Stop me if you've heard this one before.
A guy walks into a bar, and one by one, the other people in the room climb up onto a small stage illuminated by what looks like a police interrogation spotlight and share deeply personal anecdotes, as if they are on a therapist's couch.
A heavyset man in his late 30s talks for five minutes about his weight problems.
Another guy, in his early 20s, delivers an angry, borderline obscene rant about how he never gets laid -- and then laments that no one was paying attention.
A woman carries on for five minutes about how her mother fits all of the characteristics of a stalker.
These scenes could have been taken straight from a 12-step meeting or circle of trust support group, except that the audience seems to be reveling in the pain of the people spilling their guts before them. These seemingly disturbed people may be trying to work through the trauma of failed relationships, dead-end jobs and worse, but open-mike night at the Dallas Comedy House in Deep Ellum isn't (entirely) about healing wounds.
It's also about honing a skill, one that is a career path for some and a masochistic hobby for others.
The deck is stacked against "making it" as a comedian. Precious few reach the heights of Chris Rock or Louis C.K. There are only a handful of pure comedy venues in Dallas-Fort Worth, among them Hyena's in Fort Worth and Dallas, the Addison Improv, and Backdoor Comedy in Dallas, and most of those stages take years to break onto. Doing open-mike nights is one thing, but what does it take to make it as a stand-up comic in DFW? Is it possible to earn a living here telling jokes? And is it enough to be able to make an audience laugh, or do you also have to write, do improv or, worst of all, wait tables?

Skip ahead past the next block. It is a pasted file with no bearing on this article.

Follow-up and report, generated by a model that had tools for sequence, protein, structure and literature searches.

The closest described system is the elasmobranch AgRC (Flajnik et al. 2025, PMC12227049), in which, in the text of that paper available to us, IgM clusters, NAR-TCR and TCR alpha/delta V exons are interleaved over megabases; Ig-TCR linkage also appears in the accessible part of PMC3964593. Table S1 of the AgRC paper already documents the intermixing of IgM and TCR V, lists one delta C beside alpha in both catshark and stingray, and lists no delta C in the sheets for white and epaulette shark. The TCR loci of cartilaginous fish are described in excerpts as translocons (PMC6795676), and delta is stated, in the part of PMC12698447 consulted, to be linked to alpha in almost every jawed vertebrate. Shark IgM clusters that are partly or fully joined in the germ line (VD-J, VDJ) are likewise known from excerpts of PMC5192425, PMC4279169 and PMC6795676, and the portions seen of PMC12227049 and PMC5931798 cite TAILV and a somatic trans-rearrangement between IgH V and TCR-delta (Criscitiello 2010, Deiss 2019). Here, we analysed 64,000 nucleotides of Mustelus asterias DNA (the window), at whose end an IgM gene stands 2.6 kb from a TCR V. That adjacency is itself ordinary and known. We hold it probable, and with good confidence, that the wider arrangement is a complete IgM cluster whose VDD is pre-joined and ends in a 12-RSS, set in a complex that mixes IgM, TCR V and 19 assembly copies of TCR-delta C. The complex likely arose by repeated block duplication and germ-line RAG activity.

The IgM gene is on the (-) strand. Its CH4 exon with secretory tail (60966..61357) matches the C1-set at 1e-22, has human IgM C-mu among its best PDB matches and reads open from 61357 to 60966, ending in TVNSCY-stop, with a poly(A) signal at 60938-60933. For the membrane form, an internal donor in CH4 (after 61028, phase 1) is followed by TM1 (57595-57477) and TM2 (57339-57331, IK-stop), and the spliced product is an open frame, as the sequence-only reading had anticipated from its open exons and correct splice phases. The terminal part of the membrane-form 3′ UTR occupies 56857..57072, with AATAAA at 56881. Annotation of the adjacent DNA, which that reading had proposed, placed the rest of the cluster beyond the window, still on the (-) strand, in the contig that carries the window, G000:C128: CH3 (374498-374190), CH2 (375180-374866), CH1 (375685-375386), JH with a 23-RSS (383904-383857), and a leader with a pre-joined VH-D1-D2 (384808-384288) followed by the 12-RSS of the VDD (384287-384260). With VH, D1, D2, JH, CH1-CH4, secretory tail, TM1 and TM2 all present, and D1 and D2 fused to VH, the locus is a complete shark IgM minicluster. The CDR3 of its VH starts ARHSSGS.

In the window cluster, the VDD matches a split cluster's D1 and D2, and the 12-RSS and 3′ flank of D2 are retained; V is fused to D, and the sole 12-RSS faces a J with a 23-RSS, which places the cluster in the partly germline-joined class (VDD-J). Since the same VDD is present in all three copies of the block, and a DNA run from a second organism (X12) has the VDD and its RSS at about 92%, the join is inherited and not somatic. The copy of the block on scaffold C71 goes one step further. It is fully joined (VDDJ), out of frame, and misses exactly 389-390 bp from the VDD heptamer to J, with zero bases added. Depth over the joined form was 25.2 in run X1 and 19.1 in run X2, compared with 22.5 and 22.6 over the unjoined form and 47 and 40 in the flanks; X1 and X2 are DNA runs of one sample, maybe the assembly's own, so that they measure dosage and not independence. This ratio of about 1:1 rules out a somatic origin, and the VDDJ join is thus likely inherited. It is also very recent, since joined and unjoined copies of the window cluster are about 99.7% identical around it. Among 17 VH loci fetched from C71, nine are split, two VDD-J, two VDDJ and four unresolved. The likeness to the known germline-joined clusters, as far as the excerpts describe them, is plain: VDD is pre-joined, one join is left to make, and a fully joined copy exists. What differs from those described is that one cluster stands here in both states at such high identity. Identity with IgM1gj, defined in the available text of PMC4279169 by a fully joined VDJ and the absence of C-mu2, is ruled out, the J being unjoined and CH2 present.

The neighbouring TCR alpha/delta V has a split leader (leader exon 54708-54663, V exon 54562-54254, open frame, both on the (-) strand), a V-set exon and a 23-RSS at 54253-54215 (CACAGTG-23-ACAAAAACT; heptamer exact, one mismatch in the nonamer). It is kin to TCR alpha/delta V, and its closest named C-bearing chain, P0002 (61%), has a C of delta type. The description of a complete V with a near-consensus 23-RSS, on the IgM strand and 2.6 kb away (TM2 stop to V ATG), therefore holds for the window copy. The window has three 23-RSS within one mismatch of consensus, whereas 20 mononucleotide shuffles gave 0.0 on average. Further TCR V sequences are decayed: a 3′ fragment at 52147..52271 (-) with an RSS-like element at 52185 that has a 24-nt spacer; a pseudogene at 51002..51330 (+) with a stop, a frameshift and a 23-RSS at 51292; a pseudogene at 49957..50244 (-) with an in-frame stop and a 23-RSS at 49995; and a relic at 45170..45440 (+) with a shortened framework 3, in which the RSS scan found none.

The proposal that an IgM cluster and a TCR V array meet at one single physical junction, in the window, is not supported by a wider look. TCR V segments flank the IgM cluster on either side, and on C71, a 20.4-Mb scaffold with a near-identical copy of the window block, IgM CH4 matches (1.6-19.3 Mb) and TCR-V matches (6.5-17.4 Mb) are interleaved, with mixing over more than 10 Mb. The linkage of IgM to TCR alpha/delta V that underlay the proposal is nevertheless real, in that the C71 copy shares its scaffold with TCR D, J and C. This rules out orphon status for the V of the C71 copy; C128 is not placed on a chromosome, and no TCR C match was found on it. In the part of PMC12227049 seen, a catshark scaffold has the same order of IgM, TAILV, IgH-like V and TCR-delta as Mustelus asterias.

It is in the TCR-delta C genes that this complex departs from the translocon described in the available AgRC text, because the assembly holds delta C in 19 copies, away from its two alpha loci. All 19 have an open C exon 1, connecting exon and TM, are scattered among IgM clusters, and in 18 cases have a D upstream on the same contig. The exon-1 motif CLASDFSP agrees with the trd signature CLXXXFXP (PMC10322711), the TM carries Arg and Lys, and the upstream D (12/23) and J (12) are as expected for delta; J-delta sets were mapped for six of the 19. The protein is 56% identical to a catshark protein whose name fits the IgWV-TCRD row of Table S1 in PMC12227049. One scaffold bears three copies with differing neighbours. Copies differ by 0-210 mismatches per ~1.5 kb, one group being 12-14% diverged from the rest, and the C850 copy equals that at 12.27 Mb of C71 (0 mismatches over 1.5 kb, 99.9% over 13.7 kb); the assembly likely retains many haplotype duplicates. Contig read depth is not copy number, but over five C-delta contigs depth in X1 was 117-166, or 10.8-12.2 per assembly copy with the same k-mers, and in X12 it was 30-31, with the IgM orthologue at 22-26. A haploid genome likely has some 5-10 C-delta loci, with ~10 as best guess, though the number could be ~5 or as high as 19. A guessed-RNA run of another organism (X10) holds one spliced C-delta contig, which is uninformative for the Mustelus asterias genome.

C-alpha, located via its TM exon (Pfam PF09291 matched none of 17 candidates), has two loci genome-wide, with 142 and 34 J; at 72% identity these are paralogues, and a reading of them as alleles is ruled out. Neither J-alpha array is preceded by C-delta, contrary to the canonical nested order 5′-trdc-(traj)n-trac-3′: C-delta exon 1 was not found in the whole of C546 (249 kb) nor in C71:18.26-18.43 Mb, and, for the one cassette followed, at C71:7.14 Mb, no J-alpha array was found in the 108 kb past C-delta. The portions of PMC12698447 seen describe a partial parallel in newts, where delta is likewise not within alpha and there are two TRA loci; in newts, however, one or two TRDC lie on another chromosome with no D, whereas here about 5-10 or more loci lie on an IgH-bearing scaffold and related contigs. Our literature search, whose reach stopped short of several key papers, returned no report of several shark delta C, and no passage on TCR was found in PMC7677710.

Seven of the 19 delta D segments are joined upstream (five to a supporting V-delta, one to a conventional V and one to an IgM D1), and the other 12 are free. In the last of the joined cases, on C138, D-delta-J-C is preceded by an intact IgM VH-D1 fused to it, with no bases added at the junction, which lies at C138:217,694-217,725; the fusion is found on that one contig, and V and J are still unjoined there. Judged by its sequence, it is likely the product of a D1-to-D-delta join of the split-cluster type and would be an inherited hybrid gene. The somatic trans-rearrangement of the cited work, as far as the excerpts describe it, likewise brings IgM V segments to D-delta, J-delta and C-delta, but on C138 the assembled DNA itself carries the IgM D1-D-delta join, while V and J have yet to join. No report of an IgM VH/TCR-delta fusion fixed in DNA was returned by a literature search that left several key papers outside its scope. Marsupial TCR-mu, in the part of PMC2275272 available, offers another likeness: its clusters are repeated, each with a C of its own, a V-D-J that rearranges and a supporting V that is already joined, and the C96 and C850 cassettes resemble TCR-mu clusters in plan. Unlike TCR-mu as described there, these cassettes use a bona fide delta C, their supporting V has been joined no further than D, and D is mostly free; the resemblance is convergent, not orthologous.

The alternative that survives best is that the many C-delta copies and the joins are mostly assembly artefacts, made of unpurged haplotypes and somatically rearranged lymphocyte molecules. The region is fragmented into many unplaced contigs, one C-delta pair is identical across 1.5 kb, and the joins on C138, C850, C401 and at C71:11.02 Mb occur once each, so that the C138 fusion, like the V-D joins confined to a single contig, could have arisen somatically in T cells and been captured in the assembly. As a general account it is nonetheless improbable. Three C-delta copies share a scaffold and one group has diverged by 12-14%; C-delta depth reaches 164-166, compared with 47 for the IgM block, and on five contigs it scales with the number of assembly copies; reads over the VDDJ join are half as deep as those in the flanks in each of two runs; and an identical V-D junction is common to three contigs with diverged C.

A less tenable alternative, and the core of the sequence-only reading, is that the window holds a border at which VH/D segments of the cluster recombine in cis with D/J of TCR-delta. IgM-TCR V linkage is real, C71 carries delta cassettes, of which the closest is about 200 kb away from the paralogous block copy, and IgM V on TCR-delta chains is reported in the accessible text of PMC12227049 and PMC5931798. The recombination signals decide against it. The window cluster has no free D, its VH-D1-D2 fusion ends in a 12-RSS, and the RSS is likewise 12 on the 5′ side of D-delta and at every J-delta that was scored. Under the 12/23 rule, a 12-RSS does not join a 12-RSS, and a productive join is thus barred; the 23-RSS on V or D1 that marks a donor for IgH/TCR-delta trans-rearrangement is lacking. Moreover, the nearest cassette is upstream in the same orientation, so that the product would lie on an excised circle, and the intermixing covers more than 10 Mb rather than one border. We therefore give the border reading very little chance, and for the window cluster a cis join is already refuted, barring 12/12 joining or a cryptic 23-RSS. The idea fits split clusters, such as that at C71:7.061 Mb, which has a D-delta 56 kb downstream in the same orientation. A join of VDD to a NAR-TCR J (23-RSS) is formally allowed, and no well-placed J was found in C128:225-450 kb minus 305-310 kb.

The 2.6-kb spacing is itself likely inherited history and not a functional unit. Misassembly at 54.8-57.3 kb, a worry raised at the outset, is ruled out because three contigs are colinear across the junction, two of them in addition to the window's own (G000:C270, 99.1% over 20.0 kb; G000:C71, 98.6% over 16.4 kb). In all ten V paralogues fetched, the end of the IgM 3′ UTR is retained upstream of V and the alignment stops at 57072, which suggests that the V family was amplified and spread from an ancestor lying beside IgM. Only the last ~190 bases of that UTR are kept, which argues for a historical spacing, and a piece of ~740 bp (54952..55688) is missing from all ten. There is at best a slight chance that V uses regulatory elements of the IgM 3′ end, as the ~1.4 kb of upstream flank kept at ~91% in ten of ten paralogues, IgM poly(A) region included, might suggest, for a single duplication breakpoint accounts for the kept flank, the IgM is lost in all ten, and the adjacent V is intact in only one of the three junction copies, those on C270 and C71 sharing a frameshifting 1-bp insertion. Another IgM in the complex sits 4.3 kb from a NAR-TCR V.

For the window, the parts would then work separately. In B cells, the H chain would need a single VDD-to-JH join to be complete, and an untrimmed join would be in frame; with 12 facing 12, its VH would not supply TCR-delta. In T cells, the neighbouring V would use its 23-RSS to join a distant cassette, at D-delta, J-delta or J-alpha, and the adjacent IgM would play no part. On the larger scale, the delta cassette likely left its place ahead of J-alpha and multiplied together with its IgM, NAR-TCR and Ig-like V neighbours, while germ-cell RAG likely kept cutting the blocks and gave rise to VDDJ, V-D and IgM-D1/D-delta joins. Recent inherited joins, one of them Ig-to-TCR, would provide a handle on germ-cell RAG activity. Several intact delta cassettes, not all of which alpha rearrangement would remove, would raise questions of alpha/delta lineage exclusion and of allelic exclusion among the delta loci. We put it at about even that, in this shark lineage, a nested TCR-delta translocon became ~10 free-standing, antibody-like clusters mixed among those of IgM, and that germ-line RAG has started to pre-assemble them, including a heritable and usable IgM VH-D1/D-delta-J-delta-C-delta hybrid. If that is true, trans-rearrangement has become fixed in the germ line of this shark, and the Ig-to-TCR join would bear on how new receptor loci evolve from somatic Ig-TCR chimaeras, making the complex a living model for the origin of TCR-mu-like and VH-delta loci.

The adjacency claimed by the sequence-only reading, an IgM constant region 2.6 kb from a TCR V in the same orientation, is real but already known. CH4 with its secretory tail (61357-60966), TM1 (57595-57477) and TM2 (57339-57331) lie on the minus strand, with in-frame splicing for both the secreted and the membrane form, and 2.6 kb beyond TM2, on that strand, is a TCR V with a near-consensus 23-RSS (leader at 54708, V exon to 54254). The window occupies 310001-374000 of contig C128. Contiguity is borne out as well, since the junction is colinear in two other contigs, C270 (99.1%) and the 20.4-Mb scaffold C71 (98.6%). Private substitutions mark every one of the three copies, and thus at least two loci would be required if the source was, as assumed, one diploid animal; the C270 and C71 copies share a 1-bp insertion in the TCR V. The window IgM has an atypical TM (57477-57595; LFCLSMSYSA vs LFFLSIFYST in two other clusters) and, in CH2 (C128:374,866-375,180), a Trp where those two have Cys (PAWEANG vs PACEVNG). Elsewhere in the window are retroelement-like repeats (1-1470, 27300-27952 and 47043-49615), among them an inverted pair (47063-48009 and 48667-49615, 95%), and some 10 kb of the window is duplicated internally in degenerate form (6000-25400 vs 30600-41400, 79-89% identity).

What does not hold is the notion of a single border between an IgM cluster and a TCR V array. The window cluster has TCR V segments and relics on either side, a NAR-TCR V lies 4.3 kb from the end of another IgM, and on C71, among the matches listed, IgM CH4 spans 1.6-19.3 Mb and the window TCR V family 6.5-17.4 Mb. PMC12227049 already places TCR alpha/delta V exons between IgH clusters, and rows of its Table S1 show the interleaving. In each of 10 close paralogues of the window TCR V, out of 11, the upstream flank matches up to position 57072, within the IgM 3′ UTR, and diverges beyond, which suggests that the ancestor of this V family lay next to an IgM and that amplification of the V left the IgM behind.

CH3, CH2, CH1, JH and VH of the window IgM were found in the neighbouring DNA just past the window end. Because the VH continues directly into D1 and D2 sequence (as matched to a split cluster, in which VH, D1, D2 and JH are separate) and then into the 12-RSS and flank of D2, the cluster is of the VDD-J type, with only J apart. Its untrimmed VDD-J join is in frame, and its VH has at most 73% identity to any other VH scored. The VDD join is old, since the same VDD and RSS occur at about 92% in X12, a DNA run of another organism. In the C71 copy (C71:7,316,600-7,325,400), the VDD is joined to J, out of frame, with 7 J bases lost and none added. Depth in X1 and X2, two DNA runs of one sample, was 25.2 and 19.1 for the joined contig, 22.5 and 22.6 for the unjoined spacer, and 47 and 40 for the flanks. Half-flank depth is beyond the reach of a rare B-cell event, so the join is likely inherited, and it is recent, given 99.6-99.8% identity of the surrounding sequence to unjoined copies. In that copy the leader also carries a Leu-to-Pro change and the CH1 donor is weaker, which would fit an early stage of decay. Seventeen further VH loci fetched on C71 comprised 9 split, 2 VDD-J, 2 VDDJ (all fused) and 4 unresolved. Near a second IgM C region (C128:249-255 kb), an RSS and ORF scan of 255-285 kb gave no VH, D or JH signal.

I set out to find the answers to these questions and one other important one: Do I have what it takes to get onstage and do comedy, even if just for a night? I hung out with and spoke to comics, club owners, teachers and numerous others involved in the comedy trade, all in preparation for the longest five minutes of my life.
But while there are classes, workshops, open mikes and many other ways to become a working comic, Randy Butler, who owns the Hyena's mini-chain of comedy clubs, believes that there is one factor that trumps them all.
"It depends on if you're funny or not," he said. "In order to progress, you have to have something that God gave you."
Getting a set
"If someone left a baby in a box on my doorstep, I wouldn't know what to do," says Dominic Harris, on opening night of the recently relocated Hyena's Comedy Nightclub in Fort Worth in April. "I'm in the middle of a move right now, so a baby is the last thing I need."
He pauses and then adds: "But a box is, like, the first."
In beginning my comedy odyssey, I wanted to see how the pros do it. Both Harris and Cris Lehman are young heavyweights on DFW's comedy scene, and they agreed to allow me to interlope on their workday.